It was somebody’s birthday, and our whole extended family (30 plus) were gathered at Grandma’s house. I was in the living room goofing off with my cousins, when I heard Aunt Ella shriek, “George, look what you’ve done!” I went to the dining room, where I saw the horrifying sight: A bottle of black India ink turned on its side, with the ink puddling on Grandma’s lace tablecloth. Everybody was looking at me accusingly. I began to defend myself: “I wasn’t even near the table; I was in the other room; Why do you think I did it?” Then someone started laughing, and they all quickly joined in. I watched in amazement as Aunt Ella picked up the phony ink spill she had found in the Magic and Trick Store downtown. I had been totally punked, and they were all in on it.
As I remember it, I was eleven or twelve at the time. My first response had been defensiveness against what I knew was a false accusation. When I realized that I had been the butt of a joke, I felt embarrassed and foolish. But then I realized, even as a child, that it was an honor to be singled out in this way. It showed that Aunt Ella (and the rest of the crowd) thought I could take it, that I wouldn’t be crushed and humiliated. It ended up making me feel more accepted, even by the adults.*
Later on, ink blots took on other meanings for me. At the end of church services, I often heard the words of the familiar invitation hymn
Just as I am, and waiting not
To rid my soul of one dark blot
To thee whose blood can cleanse each spot
O Lamb of God, I come, I come
Maybe I had been falsely accused at that birthday party — that particular ink spill was not my fault. But I was well aware that there were other blots on my spirit that the people in that room didn’t know about, yet they separated me from God. I remember the night, during my teen years, when I responded to the Lord’s invitation and came “just as I am . . . to rid my soul of one dark blot.” That was life changing. The first blot experience led me to feel accepted by my extended family. Now, even better, I felt accepted into God’s family.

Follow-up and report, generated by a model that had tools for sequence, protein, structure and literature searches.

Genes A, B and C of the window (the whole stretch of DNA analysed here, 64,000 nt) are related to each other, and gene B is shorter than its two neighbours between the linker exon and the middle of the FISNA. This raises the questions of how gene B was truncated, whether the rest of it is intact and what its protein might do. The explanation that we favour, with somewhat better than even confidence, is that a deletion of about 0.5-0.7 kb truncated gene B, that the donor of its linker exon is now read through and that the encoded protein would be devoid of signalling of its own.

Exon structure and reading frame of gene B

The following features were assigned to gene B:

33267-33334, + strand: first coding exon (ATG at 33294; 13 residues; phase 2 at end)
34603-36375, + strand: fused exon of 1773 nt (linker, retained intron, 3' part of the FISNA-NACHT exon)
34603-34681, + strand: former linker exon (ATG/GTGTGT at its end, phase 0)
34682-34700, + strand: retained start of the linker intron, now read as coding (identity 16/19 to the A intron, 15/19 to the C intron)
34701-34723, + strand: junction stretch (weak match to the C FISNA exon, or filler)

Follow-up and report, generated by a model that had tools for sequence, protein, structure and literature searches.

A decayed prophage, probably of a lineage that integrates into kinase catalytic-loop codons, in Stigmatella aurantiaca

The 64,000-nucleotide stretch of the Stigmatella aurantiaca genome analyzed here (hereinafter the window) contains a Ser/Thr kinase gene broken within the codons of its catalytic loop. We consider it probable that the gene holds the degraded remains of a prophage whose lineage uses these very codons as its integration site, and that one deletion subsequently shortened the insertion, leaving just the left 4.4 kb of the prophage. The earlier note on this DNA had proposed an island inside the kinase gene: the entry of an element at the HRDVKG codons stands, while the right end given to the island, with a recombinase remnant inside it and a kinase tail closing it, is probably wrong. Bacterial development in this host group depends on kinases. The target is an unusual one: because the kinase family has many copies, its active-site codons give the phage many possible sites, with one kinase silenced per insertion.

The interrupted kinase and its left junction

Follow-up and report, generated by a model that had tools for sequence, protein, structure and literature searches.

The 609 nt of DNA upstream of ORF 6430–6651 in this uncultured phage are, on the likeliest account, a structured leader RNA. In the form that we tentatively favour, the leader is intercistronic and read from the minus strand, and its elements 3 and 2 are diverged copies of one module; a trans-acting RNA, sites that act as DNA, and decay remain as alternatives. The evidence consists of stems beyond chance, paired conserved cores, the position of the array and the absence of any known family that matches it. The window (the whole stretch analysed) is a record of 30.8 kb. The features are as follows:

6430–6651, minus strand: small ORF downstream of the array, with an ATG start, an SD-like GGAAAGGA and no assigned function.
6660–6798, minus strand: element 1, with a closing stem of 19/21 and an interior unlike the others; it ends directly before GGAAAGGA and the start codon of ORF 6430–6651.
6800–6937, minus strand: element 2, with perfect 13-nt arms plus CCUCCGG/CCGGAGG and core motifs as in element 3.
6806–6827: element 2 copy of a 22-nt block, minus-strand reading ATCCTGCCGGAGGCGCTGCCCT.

As I progressed in my education, I learned about other ink blots. Especially noteworthy was the use of a set of ink blots used in Rorshach’s testing of individuals’ intelligence, personality or psychological pathology. A series of standard ink blot shapes are shown to a person, and he/she is asked to say what they see in each image. Many experts in the field have dismissed this as “pseudoscience,” but still, a majority of U.S. psychologists use it in some way in their practice.
Each day, life presents us with an amorphous set of possibilities. We wish they could be neat, organized and predictable, but they usually look more like random ink blots. What do we see in them? What will we make of them? We shouldn’t get too hung up on fixing blame for the fact that they seem so dark and irrational. We should just attack the possibilities we see in each day’s ink blot, with vigor, creativity and commitment, having faith that God will use us to bring his meaning out of the ink blot we’re confronted with.
– Pastor George Van Alstine
* I think this experience bonded me with Aunt Ella. Years later (1958), when I came to California as a single student to attend Fuller Seminary, Aunt Ella was living alone in Lynwood. She was my only known West Coast relative. On weekends, I’d often take a bus all the way down Los Robles and Atlantic Blvd. to spend a day hanging out with her. Good memories.